Microsoft word - seminar june 18 ce and personalized medicine.docx
TWO PAPERS ON THE COST EFFECTIVENESS OF GENETIC TESTS FOR DETERMINING TREATMENT FOR PATIENTS WITH ACUTE CORONORY SYNDROMES (ACS)
The use of genetic tests to guide treatments is a promising area of personalized medicine. The cost effectiveness of using a genetic test to guide treatment depends both on the frequency of the genetic marker in the relevant population and the rate of adverse health events avoided. Two recent studies look at the cost effectiveness of genetic testing for CYP2C19 variants to guide treatment for patients with ACS using two different data sets. Both results will be presented at this seminar.
TIME 12:30 Pharmacy Building
Paper 1: “Personalised thienopyridine therapy: the cost effectiveness of genetic testing for CYP2C19 variants to guide treatment in patients with acute coronary syndromes”
Laura Panattoni, University of Auckland
Paper 2: “Ticagrelor versus Genotype-Driven Antiplatelet Therapy for Secondary Prevention after Acute Coronary Syndrome: A Cost-Effectiveness Analysis”
Dan Crespin, University of North Carolina
For more information, contact Paul Brown on [email protected] or ext. 3-3002.
“Personalised thienopyridine therapy: the cost effectiveness of genetic testing for CYP2C19 variants to guide treatment in patients with acute coronary syndromes”
Laura Panattoni, Paul M Brown, Braden Te Ao, Mark Webster, Patrick Gladding
Background: Patients with acute coronary syndromes and the reduced function allele CYP2C19*2 (*2 allele) treated with thienopyridines have an increased risk of adverse cardiac events with clopidogrel, but not with prasugrel. This study evaluated, in the New Zealand setting, the cost effectiveness of generic clopidogrel in all patients, compared with prasugrel for all patients, and also compared with the guided use of prasugrel in *2 allele patients. Methods: Clinical outcome data comparing clopidogrel and prasugrel from the TRITON-TIMI 38 trial was combined with rates of the*2 allele in Maori (24%), Pacific Islanders (45%), Asian (29%), and New Zealand Europeans (15%). National hospital DRG discharge codes were used to determine the incidence and costs of hospitalizations for stroke, MI, bleeding, stent thrombosis, and cardiovascular death during the 15 months after patients presented with an acute coronary syndrome. Decision tree modeling and Monte Carlo simulations were used. Results: The cost of medications and hospitalizations during the 15 months post ACS was estimated to be $403 and $16,717, respectively, for each patient in New Zealand, with 8.5 QALYs. Treating all with patients with prasugrel was associated with higher cost and lower QALYs, but use of a genetic test to guide the selected use of prasugrel was cost effective in the New Zealand population (NZ$ 8,542/QALY), particularly for Maori (NZ$ 7,211/QALY) and Pacific Islanders ($NZ 6,966/QALY). Prasugrel is less cost effective than clopidogrel when used in all patients. Conclusions: Use of a genetic test to guide thienopyridine treatment in patients with acute coronary syndromes is a cost effective treatment strategy, especially for Maori and Pacific Islanders. “Ticagrelor versus Genotype-Driven Antiplatelet Therapy for Secondary Prevention after Acute Coronary Syndrome: A Cost-Effectiveness Analysis”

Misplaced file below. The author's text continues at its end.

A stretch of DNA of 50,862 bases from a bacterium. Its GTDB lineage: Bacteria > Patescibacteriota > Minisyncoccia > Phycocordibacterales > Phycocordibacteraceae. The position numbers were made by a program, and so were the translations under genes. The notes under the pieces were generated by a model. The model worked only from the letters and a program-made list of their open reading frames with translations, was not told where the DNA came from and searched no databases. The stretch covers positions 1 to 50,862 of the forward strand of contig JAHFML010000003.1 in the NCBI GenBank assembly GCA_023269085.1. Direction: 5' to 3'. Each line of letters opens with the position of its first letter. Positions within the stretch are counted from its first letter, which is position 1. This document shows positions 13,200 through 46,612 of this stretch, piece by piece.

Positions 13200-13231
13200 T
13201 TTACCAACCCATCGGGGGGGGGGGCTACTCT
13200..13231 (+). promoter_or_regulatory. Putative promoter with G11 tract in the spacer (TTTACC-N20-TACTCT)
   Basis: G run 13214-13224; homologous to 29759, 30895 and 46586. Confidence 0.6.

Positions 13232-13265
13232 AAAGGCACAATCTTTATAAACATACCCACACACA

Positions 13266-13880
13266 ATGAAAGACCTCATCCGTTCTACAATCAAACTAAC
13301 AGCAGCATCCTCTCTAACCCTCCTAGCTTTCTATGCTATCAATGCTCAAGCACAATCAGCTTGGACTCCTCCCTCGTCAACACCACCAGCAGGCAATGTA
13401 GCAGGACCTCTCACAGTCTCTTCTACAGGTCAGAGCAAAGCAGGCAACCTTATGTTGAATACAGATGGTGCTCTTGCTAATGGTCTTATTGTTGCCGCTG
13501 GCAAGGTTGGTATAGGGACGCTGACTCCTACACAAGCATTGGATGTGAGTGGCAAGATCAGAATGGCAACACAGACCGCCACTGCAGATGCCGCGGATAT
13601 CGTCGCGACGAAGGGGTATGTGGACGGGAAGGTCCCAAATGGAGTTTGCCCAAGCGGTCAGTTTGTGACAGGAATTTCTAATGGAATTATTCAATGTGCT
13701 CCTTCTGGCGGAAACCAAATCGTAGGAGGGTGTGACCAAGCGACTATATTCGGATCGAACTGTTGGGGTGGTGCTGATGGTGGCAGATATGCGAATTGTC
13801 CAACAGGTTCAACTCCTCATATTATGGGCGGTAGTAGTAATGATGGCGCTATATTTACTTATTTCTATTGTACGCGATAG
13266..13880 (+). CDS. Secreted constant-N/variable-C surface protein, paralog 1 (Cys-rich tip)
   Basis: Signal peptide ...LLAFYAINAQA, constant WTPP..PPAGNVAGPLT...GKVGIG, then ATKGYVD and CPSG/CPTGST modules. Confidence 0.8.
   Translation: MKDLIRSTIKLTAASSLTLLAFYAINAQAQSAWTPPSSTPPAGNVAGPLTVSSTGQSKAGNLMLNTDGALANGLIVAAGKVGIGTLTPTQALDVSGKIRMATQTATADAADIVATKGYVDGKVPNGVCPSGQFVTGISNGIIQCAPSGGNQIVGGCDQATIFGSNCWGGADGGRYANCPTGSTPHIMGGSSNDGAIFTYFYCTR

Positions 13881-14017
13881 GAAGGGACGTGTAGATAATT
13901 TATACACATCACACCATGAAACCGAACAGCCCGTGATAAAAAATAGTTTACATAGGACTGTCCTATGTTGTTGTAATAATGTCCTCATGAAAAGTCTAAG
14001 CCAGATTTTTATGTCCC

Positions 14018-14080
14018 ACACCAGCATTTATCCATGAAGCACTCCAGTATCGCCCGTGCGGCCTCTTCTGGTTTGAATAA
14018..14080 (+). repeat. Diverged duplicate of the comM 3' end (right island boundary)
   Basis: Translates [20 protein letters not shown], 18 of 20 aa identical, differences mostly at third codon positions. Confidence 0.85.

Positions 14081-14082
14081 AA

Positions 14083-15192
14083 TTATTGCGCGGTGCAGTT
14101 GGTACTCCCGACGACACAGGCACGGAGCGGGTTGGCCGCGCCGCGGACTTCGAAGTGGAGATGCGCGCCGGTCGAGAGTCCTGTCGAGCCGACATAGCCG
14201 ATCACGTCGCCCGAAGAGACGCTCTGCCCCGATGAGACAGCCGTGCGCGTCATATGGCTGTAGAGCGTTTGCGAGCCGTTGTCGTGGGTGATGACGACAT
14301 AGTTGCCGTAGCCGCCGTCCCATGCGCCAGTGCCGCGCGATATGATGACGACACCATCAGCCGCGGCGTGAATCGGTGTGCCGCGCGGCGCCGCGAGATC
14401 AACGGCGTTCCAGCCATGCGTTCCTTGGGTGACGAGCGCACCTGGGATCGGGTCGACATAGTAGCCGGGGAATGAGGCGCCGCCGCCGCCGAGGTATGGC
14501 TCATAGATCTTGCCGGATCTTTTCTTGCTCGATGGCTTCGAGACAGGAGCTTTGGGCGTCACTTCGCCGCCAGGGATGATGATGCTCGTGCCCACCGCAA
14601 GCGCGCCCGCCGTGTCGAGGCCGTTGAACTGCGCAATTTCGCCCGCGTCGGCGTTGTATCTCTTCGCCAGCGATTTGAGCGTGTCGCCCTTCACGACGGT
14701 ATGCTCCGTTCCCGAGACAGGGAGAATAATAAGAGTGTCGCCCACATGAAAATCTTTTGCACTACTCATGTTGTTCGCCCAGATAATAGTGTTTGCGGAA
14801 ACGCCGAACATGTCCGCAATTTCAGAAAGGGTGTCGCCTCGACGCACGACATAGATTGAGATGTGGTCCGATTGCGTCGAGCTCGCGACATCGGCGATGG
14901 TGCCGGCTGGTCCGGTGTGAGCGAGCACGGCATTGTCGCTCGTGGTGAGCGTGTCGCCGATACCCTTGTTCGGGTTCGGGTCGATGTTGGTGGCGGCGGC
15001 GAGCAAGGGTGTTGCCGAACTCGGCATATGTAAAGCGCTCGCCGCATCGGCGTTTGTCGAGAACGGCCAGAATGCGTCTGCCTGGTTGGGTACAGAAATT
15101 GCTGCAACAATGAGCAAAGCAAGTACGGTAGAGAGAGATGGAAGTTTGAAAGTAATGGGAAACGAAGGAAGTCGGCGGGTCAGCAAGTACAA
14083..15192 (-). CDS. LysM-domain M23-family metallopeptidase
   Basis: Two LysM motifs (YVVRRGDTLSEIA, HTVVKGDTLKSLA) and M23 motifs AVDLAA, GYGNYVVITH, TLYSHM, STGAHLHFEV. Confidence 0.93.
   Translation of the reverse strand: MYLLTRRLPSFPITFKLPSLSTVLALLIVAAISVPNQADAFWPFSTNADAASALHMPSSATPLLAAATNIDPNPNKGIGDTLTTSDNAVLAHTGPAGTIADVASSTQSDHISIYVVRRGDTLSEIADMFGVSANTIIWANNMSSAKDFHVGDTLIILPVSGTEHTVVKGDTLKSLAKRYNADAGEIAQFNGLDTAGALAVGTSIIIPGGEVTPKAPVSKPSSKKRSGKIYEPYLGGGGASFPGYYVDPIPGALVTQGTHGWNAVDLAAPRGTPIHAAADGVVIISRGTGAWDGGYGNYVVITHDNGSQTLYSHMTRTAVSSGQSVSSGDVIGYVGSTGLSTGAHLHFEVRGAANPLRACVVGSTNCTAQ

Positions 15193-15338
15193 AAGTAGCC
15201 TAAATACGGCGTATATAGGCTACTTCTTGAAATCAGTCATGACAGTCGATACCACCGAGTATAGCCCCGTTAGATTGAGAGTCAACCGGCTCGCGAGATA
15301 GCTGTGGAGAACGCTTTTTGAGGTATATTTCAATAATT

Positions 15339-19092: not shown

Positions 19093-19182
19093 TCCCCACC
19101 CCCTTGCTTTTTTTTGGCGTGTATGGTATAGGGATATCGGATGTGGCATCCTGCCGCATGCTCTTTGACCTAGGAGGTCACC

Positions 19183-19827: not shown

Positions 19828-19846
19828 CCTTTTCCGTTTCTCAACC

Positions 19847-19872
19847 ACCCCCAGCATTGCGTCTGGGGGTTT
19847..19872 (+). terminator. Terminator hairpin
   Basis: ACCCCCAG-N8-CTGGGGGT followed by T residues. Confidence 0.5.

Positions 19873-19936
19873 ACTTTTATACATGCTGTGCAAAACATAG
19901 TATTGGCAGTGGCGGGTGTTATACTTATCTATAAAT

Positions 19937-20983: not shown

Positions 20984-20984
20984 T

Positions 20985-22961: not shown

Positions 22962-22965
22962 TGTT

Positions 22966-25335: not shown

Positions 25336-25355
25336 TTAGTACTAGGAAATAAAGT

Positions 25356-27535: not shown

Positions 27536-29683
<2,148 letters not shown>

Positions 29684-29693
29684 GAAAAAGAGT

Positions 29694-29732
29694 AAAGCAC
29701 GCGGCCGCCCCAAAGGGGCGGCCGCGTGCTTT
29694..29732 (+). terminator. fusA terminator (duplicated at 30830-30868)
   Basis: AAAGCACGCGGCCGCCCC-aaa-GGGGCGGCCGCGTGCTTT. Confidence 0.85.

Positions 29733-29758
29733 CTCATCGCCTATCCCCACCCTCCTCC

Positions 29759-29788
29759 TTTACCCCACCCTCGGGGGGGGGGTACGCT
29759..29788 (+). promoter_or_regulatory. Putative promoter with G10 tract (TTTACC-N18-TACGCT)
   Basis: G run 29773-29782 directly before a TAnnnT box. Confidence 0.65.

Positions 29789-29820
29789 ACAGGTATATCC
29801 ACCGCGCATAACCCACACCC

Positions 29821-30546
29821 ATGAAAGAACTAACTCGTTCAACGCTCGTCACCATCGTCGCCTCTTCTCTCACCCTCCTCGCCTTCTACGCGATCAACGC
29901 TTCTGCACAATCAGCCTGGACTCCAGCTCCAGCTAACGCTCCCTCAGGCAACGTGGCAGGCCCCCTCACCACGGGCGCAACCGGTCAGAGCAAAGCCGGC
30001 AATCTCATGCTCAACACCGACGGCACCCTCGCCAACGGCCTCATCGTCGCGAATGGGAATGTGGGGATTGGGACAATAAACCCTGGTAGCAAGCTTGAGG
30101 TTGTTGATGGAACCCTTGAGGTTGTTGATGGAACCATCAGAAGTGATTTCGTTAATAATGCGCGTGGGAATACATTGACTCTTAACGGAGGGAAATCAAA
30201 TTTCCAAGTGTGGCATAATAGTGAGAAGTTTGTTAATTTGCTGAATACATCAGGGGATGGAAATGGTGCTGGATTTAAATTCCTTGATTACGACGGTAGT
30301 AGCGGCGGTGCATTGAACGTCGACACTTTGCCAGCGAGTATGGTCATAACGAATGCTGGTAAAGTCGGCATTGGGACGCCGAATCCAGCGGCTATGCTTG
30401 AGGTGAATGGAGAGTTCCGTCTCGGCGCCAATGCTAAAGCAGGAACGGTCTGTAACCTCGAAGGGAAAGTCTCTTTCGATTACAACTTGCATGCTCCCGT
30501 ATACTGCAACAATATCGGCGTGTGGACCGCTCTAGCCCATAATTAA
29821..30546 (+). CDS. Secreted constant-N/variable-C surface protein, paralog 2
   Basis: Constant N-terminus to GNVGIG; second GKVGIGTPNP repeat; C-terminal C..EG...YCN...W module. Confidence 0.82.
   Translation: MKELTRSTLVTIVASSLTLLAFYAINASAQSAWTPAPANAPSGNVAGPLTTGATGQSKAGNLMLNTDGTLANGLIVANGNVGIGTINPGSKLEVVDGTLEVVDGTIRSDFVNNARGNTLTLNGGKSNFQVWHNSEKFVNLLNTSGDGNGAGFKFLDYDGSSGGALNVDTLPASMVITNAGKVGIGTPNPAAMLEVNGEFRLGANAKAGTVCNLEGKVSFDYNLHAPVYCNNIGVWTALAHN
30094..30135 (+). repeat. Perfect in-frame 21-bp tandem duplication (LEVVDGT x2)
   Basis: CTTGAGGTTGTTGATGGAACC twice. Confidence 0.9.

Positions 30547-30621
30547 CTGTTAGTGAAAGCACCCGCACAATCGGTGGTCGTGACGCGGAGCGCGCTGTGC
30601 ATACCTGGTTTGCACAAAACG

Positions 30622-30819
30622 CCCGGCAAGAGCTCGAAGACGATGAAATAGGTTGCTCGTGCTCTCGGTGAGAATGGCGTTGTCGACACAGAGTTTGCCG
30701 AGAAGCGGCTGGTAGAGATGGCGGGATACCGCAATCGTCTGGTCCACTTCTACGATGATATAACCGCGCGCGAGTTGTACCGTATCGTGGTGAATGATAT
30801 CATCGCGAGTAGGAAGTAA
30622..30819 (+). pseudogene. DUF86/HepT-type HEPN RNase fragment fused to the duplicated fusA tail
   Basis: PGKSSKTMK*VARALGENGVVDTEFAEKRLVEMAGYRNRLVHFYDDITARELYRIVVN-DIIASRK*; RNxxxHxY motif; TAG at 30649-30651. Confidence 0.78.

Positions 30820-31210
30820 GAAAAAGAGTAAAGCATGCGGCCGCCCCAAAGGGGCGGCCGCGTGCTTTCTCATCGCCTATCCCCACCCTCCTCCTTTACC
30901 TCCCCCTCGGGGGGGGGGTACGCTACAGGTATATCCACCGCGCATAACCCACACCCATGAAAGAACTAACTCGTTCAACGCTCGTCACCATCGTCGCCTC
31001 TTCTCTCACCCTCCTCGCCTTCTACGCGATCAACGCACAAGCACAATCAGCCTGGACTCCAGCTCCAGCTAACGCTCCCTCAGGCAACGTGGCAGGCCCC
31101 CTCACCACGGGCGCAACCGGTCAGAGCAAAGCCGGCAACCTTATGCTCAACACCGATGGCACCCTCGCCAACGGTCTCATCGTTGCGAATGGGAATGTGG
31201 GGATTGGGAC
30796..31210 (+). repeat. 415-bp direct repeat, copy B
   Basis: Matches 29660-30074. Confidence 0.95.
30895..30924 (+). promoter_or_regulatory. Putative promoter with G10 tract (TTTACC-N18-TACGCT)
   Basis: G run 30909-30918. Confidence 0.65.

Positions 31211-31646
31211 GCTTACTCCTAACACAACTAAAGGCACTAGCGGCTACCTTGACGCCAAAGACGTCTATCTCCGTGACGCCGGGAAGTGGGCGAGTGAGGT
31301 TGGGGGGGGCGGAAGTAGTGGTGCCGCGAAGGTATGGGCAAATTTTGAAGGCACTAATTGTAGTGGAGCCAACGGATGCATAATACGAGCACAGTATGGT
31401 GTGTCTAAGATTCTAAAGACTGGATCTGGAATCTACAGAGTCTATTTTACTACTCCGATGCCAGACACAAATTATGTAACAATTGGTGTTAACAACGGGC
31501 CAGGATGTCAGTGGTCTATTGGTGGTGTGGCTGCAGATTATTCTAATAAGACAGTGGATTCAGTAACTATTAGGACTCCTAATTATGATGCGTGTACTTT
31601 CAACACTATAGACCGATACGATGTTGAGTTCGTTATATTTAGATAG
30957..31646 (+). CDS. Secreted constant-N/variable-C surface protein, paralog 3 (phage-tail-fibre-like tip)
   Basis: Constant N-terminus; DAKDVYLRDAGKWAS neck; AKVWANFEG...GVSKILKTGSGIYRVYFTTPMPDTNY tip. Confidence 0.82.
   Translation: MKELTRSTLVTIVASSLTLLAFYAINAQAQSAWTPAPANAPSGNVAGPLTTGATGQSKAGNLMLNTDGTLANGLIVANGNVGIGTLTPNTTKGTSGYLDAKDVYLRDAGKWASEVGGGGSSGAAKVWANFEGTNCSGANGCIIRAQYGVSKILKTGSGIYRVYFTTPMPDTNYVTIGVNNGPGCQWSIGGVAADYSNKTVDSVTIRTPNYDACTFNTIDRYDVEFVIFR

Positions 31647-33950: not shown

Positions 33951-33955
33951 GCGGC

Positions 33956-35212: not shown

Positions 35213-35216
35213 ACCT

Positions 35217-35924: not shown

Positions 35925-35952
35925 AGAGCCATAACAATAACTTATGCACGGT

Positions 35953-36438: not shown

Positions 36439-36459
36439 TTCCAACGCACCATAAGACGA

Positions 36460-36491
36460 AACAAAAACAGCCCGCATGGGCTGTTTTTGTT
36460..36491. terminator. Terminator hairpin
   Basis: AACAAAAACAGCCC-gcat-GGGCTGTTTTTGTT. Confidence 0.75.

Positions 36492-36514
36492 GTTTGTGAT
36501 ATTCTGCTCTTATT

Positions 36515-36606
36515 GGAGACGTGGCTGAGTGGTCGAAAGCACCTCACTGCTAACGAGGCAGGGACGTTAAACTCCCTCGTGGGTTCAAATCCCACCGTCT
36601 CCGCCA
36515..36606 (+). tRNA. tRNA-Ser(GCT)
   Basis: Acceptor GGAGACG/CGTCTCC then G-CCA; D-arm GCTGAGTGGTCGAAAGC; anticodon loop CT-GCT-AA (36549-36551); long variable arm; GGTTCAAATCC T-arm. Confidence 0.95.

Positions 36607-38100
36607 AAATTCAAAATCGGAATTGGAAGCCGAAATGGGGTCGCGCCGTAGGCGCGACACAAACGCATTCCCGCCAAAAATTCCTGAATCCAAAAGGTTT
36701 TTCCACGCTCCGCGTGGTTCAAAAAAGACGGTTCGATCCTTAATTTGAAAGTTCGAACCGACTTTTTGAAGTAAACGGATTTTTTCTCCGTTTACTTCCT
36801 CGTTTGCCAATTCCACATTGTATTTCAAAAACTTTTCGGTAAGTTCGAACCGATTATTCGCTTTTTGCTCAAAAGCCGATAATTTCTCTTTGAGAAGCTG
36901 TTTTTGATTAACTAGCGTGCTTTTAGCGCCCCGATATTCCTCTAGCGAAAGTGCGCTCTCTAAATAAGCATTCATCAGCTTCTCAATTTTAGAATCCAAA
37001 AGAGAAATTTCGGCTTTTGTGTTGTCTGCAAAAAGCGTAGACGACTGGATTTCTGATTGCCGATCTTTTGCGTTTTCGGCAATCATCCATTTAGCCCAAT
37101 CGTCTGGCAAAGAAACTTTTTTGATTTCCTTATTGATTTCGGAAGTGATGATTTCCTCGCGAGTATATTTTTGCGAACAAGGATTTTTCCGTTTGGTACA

Daniel J. Crespin, Jerome J. Federspiel, Andrea K. Biddle, Daniel E. Jonas, Joseph S. Rossi, Objective: To determine the cost-effectiveness of ticagrelor compared with a genotype-driven selection of antiplatelet agents. Background: Clopidogrel’s effectiveness is likely reduced significantly for prevention of thrombotic events after acute coronary syndrome (ACS) in patients exhibiting a decreased ability to metabolize clopidogrel into its active form. A genetic mutation responsible for this reduced effectiveness is detectable by genotyping. Ticagrelor is not dependent on gene-based metabolic activation and demonstrated greater clinical efficacy than clopidogrel in a recent secondary prevention trial. In 2011, clopidogrel will lose its patent protection and likely will be substantially less expensive than ticagrelor. Methods: A hybrid decision tree/Markov model was used to estimate the 30-year medical costs (in 2009 US$) and outcomes for a cohort of ACS patients of age 66 receiving either genotype- driven or ticagrelor-only treatment. Outcomes included life years and quality-adjusted life years (QALYs) gained. Data comparing the clinical performance of ticagrelor and clopidogrel were derived from the Platelet Inhibition and Patient Outcomes trial. Results: The incremental cost-effectiveness ratio (ICER) for universal ticagrelor was $9,161 per QALY compared to genotype-driven treatment, and was most sensitive to the price of ticagrelor and the hazard ratio for death for ticagrelor compared with clopidogrel. The ICER remained below $50,000 per QALY until a monthly ticagrelor price of $755 or a 0.93 hazard ratio for death for ticagrelor relative to clopidogrel. In probabilistic analyses, universal ticagrelor was below $50,000 per QALY in 97.4% of simulations. Conclusion: Prescribing ticagrelor universally increases quality-adjusted life years for ACS patients at a cost below a typically accepted threshold.
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